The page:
This is the potential energy of an anharmonic oscillator (see Fig. 1c) with restoring force F = −∇ U = −k x − β x^{2} − α x^{3}, where k is the linear spring constant given by
and β and α are the nonlinear spring constants. The cubic nonlinearity is given by
and the quartic (also known as Duffing) nonlinearity is given by
By evaluating the integrals (see Supplementary Methods), the strong dependence of the (non)linear spring constants on the film thickness d and confinement radius R is exposed:
and
Here we have introduced the Kronecker delta function δ, and integrals of the Bessel function \({\phi }_{\mu ,\nu }^{(p)}:=\frac{\mathop{\int}\nolimits_{0}^{{\zeta }_{\mu ,\nu }}{J}_{\mu }^{p}\left[q\right]\ q\ {\rm{d}}q}{{\zeta }_{\mu ,\nu }^{2}{J}_{\mu }^{p}\left[{\zeta }_{\mu ,\nu }\right]}\) for p = {2, 3, 4} tabulated in Table 2. It is worth noting that the cubic nonlinearity β vanishes for all but the rotationally invariant (μ = 0) modes.
The film thickness d can be independently determined and tuned in situ, as we demonstrated in previous work^{38}, while the confinement radius R can be changed through choice of device geometry. By controlling these, Eqs. (14) and (15) reveal that it is possible to access a wide range of cubic and quartic nonlinearities.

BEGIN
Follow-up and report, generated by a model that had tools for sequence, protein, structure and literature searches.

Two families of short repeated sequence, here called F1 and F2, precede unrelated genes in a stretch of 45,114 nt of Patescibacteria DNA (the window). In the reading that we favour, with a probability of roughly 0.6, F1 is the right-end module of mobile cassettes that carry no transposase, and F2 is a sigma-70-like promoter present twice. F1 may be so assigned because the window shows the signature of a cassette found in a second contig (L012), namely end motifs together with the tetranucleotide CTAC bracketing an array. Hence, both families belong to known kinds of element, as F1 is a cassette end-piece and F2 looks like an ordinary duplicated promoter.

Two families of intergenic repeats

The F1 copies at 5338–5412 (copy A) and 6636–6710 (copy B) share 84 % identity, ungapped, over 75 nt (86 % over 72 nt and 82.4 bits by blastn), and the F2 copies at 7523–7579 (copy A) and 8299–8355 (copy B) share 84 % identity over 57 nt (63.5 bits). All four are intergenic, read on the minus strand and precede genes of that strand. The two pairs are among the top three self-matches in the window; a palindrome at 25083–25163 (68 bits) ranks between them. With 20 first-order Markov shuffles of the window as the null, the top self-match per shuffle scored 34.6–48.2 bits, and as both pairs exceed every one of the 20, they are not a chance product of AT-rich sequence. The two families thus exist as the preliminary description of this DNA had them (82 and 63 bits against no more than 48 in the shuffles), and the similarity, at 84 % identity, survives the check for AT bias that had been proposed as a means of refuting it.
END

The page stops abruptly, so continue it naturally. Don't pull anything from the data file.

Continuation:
Although the relationships found here suggest that the nonlinear coefficients are larger for thinner films and larger radii, the desired parameter regime depends on the relative magnitudes of the nonlinear and linear coefficients, and the mass. In the following section, we will derive what exactly that regime is and what platform parameters one should aim for in order to reach it.
Singlephonon transition resonances
We consider the Hamiltonian for the oscillator with natural frequency Ω_{m}, effective mass \({m}_{{\rm{eff}}}=k/{{{\Omega }}}_{{{m}}}^{2}\) and zeropoint fluctuation amplitude \({x}_{{\rm{zpf}}}=\sqrt{\hslash /2{m}_{{\rm{eff}}}\ {{{\Omega }}}_{{{m}}}}\):
with a (a^{†}) the phonon annihilation (creation) operators satisfying the commutation relation [a, a^{†}] = 1, the canonical position and momentum operators x and p satisfying x = x_{zpf} (a + a^{†}) and [x, p] = i\({\hslash}\), and n = a^{†}a the phonon number. The nonlinearities modify the eigenenergies of the oscillator (see Fig. 3). To second order in perturbation theory we find that the transition between states n and n + 1 occurs at frequency
(see Supplementary Methods) with the singlephonon nonlinear shift
and α_{eff}[α, β] the effective quartic nonlinearity absorbing the cubic nonlinearity:
The frequency shift in Eq. (18) is the mechanical analog of the Kerr nonlinearity in quantum electrodynamics^{71}, but with the quartic nonlinear coefficient α reduced to α_{eff} due to the presence of the cubic nonlinearity. The modification, Eq. (19), agrees with the classical result found in refs. ^{41,42,43}.
When the mechanical decay rate (or linewidth) Γ of the oscillator is smaller than the spectral splitting, i.e.,
the resonator is sufficiently anharmonic that a single absorbed phonon shifts the frequency off resonance for phonons that arrive later, causing phonon blockade: it behaves more like a twolevel system than an harmonic oscillator^{1,2}.